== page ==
He is known as the "Umbrella Man" for his deft skills at keeping ladies' parasols prepared for protection against Ethiopia's endless sun-drenched days and occasional downpours. Business is brisk for Habtamuwale, 38, but life hasn't always been so sunny for the umbrella repairman.
Disabled at 18 from eating a toxic plant that caused permanent nerve damage in his legs, Habtamuwale spent 12 years living on the streets of Ethiopia's capital, Addis Ababa. He represents thousands of disabled Ethiopians who struggle to survive due to a lack of education and a dearth of support services for the physically challenged.
Through a vocational training program for disabled people provided by IOCC in cooperation with the Ethiopian Orthodox Church-Development and Inter-Church Aid Commission (EOC-DICAC), Ethiopians with disabilities have been able to learn a job skill and make a fresh start. Habtamuwale traded concrete sidewalks for a classroom and learned how to repair umbrellas.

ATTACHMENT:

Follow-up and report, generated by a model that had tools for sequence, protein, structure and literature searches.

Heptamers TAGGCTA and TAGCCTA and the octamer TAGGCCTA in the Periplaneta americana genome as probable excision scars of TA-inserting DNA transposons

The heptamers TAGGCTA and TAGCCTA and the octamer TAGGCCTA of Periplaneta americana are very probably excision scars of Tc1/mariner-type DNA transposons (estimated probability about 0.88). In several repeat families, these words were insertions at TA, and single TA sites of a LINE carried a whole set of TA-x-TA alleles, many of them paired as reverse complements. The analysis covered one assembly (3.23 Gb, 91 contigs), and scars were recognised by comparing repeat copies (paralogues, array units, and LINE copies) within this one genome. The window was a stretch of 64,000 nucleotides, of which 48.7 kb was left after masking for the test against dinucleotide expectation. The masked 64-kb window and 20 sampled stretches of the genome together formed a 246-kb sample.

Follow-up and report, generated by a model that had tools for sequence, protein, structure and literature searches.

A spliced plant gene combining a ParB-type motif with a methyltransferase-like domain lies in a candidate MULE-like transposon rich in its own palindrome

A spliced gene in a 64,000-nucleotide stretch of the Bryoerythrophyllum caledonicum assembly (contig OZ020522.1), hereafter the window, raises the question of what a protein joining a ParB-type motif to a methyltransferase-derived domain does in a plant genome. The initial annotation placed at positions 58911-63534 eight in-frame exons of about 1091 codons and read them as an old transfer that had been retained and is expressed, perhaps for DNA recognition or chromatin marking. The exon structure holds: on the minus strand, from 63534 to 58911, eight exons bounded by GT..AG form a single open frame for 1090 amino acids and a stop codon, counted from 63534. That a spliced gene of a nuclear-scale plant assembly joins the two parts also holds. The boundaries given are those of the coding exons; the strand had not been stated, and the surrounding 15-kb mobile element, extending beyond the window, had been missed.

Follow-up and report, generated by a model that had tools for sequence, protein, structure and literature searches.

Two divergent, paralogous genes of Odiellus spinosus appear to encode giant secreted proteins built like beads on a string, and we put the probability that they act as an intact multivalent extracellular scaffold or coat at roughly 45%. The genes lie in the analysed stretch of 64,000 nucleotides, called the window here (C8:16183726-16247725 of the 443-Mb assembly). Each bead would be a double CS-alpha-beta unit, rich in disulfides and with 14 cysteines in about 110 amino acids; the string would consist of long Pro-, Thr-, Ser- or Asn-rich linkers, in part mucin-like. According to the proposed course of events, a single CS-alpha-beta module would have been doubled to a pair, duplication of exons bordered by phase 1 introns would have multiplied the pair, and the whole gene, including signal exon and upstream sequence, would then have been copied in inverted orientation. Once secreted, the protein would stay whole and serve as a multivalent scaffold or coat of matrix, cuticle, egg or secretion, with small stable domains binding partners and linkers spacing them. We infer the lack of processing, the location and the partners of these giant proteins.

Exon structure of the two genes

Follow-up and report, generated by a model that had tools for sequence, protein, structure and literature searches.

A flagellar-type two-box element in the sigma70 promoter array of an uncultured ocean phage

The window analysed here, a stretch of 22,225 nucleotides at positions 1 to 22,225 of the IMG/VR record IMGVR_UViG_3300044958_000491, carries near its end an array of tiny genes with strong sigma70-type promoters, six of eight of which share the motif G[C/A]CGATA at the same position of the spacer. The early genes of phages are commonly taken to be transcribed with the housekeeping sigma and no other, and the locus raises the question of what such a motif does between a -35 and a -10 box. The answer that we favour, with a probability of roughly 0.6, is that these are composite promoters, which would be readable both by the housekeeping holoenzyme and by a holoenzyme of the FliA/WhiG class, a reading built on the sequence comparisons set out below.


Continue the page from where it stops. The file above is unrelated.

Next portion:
Now the father of three has his small shop on a busy city intersection and makes enough money to pay his rent, living expenses and tuition for his children. Habtamuwale says his life changed for the better because "good people took notice of me and were caring enough to help. I can't say enough thanks to IOCC and blessings on them."